Among the books Judge Posner will publish this year is one called "The Little Book of Plagiarism." He sent me a copy awhile back in manuscript form, consisting of 43 single space pages. The book opens with the story, much recounted in the news this year, of Harvard student Kaavya Viswanathan's "chick lit" novel and her borrowings from the works of Megan McCafferty. Ms. Viswanathan's publisher ended up dumping over the affair; never explained was whether Ms. Viswanathan herself copied or whether it was the polishing company that assisted her. Plagiairism, as Judge Posner notes, can be a "gaudy offfense," which has received increasing attention. Judge Posner observes that digitization "has made it at once easier to commit plagiarism and easier to detect." This is also true for law students: while serving on a faculty committee dealing with poorly performing students, we came across examples of the phenomenon Judge Posner points out.
Plagiairism is not always copyright infringement, and certainly not when the work from which the plagiarist borrows is in the public domain. Today's New York Times Arts section gives an example with Bob Dylan's new album "Modern Times." Times writer Motoko Rich (giving attribution is a factor in plagiarism disputes) discusses a number of instances in which Internet researchers have discovered unattributed borrowing by Dylan from the slender poetical works of Henry Timrod, sometimes called the poet laureate of the Confederacy, like this one:
A round of precious hours.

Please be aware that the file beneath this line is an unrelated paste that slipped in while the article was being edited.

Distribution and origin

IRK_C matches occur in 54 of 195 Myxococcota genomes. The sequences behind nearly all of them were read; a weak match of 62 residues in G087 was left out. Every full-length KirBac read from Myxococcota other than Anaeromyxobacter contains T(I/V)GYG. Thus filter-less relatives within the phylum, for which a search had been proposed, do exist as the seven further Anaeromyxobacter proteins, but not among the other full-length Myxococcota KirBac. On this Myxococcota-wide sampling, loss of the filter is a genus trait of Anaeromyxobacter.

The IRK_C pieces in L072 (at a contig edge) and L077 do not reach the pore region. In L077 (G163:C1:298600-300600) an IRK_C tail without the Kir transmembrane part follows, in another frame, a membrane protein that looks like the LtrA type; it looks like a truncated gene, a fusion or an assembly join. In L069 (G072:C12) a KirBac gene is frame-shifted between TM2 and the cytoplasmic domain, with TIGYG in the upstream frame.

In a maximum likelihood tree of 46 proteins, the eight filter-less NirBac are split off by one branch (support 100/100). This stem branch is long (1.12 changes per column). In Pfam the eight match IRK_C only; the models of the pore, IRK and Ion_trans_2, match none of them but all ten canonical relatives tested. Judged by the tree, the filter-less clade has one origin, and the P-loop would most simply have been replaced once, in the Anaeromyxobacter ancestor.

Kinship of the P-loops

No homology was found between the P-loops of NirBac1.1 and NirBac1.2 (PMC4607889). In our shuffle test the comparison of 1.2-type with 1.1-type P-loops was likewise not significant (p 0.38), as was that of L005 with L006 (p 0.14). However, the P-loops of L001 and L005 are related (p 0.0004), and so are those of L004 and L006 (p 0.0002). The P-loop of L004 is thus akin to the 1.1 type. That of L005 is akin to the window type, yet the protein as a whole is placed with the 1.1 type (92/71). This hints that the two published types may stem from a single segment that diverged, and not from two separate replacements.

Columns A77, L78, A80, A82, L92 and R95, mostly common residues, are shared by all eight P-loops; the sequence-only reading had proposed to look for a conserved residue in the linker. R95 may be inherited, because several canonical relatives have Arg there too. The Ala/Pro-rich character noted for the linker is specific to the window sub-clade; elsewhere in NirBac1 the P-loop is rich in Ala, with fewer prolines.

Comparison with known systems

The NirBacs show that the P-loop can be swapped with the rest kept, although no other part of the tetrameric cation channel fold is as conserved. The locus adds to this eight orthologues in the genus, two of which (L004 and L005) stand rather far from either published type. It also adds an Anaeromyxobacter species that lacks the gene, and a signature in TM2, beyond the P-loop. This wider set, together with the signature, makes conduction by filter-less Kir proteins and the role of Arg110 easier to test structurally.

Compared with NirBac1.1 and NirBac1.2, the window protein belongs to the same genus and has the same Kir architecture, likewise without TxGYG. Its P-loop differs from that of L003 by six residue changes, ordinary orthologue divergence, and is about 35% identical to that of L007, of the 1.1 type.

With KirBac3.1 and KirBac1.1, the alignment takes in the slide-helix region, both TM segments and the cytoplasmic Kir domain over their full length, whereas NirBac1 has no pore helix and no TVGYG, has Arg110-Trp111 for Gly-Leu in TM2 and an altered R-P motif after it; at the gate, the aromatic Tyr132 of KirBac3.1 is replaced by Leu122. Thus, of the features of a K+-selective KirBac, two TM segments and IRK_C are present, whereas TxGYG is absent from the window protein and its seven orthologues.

Oh! here, in that summer
noon I basked.
And strove; with logic frailer than
More frailer than the flowers,
these precious hours.
Other examples are given, sufficient for me at least to conclude that there was no independent creation, especially given Dylan's interest in the Civil War. But even had Timrod's works been under copyright, it is unlikely a suit would have succeeded, although it is very likely one would have been brought. Dylan fans are divided on their attitude to the Timrod borrowing. One describes him as a "thieving little swine." Another says it is "characteristic of great artists and songsters to immediately draw on their predecessors," a statement that casts Timrod in a new, fascinating historical lineage. Harold Bloom's classic "The Anxiety of Influence" captures nicely this final point with its thesis that the great steal only to make what they stole their own in a struggle for self-identity. Whether Dylan has such a Freudian relationship with Timrod is most doubtful.